MOSCOW – The separatist demonstrations again churning through eastern Ukraine have raised fears of a Crimean-style invasion by the 40,000 Russian troops coiled just over the Russian border. But Moscow’s goals are more subtle than that, focused on a long-range strategy of preventing Ukraine from escaping Russia’s economic and military orbit, according to political analysts, Kremlin allies and diplomats interviewed this week.
Toward that end, the Kremlin has made one central demand, which does not at first glance seem terribly unreasonable: It wants Kiev to adopt a federal system of government giving far more power to the governors across Ukraine.
“A federal structure will ensure that Ukraine will not be anti-Russian,” said Sergei A. Markov, a Russian political strategist who supports the Kremlin.
Russian officials have said they envision a system in which the regions elect their own leaders and protect their own economic, cultural and religious traditions – including the forging of independent economic ties with Russia.
But many experts sharply dismiss the Russian plan as a stalking horse designed to undercut Ukrainian independence. “It is another way to dismantle and subjugate Ukraine,” said Lilia Shevtsova, an analyst with the Carnegie Moscow Center. “It means Moscow could grab and peel off any part of Ukraine at any time.”
President Vladimir V. Putin of Russia “wants Ukraine to be, one, absolutely neutral and, two, dependent on Moscow,” said Vladimir A. Ryzhkov, an opposition politician. “If you have a weak central government and strong governors, you can play directly with the governors over the head of Kiev.”
The United States, while supporting decentralization, has opposed giving too much power to the regions.
Russian officials are clear about their goals. “A centralized state will only be good for radicals,” said Sergei A. Zheleznyak, a deputy speaker of the Russian Parliament targeted for sanctions by the United States in March after pushing for the annexation of Crimea, using the shorthand favored by Russian officials to write off much of the Kiev government.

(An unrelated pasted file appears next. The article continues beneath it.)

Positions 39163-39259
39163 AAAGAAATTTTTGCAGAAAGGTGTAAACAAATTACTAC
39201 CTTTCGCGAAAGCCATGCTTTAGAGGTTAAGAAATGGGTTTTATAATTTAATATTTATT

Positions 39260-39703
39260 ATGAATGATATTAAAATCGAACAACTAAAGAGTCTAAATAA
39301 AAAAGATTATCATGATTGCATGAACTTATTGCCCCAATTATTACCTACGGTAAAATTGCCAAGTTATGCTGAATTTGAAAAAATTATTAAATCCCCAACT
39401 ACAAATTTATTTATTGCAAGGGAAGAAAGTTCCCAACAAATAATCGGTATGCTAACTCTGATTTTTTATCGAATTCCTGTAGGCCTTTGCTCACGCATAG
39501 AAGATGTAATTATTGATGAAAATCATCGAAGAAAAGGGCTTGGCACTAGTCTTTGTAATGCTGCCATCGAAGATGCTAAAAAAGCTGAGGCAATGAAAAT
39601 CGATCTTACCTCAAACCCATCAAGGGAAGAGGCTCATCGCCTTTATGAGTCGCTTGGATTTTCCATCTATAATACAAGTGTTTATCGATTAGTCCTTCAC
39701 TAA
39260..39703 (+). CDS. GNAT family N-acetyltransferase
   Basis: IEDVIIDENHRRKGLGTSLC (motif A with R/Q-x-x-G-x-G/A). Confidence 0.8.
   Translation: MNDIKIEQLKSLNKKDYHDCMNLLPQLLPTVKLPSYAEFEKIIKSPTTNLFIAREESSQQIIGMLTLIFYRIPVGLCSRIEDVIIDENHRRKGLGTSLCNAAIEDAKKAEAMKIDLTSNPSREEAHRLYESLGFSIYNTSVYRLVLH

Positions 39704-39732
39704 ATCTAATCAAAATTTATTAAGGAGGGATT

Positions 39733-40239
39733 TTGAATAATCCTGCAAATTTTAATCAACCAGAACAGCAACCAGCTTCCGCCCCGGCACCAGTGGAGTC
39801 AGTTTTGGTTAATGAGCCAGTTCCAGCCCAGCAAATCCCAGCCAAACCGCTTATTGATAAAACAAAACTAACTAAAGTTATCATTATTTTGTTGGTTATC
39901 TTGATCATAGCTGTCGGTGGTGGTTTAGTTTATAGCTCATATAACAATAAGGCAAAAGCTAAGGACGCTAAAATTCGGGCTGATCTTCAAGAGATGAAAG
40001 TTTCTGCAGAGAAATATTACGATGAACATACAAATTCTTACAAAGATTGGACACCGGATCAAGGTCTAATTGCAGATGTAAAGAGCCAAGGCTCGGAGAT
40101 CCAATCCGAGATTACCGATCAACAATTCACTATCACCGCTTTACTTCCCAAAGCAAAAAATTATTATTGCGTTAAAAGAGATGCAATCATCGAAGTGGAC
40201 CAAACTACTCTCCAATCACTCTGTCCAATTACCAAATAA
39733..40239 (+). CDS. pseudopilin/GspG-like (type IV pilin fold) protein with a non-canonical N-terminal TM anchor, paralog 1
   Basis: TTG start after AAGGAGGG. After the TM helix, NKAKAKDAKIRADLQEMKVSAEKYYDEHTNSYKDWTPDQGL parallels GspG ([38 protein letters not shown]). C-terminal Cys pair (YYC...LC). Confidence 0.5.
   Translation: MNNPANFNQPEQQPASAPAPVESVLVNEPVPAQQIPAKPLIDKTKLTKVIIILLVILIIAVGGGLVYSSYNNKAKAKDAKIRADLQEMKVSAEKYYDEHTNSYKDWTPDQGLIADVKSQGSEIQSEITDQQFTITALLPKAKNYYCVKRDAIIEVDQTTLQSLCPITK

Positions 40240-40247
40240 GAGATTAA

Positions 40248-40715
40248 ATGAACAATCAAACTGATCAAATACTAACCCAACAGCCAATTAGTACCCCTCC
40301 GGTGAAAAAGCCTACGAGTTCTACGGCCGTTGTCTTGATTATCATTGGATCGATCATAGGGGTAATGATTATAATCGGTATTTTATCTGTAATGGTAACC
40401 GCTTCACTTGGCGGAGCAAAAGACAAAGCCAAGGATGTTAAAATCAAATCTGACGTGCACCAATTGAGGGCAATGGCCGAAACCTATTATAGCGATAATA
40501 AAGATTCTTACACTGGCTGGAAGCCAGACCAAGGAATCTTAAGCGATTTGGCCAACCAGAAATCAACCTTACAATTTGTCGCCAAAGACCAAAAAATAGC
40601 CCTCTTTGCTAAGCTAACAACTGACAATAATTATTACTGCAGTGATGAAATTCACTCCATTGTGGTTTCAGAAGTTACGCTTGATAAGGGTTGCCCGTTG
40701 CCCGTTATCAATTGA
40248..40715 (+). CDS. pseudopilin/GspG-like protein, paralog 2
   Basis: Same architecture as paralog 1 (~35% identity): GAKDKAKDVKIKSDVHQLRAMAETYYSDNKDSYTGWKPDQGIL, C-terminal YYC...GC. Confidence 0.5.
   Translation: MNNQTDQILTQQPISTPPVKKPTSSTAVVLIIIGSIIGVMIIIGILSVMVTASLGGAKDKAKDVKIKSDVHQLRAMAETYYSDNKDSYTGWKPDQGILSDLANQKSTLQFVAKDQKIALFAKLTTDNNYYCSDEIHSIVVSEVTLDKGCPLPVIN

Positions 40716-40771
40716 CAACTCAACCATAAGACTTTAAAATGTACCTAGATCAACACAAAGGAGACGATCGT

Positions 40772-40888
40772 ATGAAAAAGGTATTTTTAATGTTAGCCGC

If Putin believes he is not getting his way on the constitution, he can be expected to take action before the Ukrainian presidential election scheduled for May 25, when a new government and a new constitution will be cemented, according to a broad range of analysts.
Some analysts are pointing to events surrounding the May 9 anniversary of the defeat of Germany in World War II, when huge emotional crowds fill the streets, as a possible catalyst for Russia to push the solution it wants.
While exactly what the Kremlin will choose to do in the weeks ahead is impossible to predict, analysts cited three potential outcomes.
In the first, Russia either manages to sway the presidential election with a candidate it favors, or it succeeds in putting in place the federal constitution it seeks in order to hold veto power over foreign economic and military policy.
The second outcome is a kind of Crimea Annexation Part II, with residents of the east and south voting in a referendum on whether to join Russia.
The third and least likely outcome is a full-scale military invasion.
Meanwhile, as armed standoffs persisted in eastern Ukraine, Putin tightened the economic screws on his impoverished neighbor by warning that Ukraine may have to pay in advance for gas imported from Russia.
The predominantly state-held Gazprom energy behemoth last week raised prices for Ukrainian purchases of its natural gas by 80 percent, canceling a discount that had been extended to Kremlin-allied former President Viktor Yanukovich last year.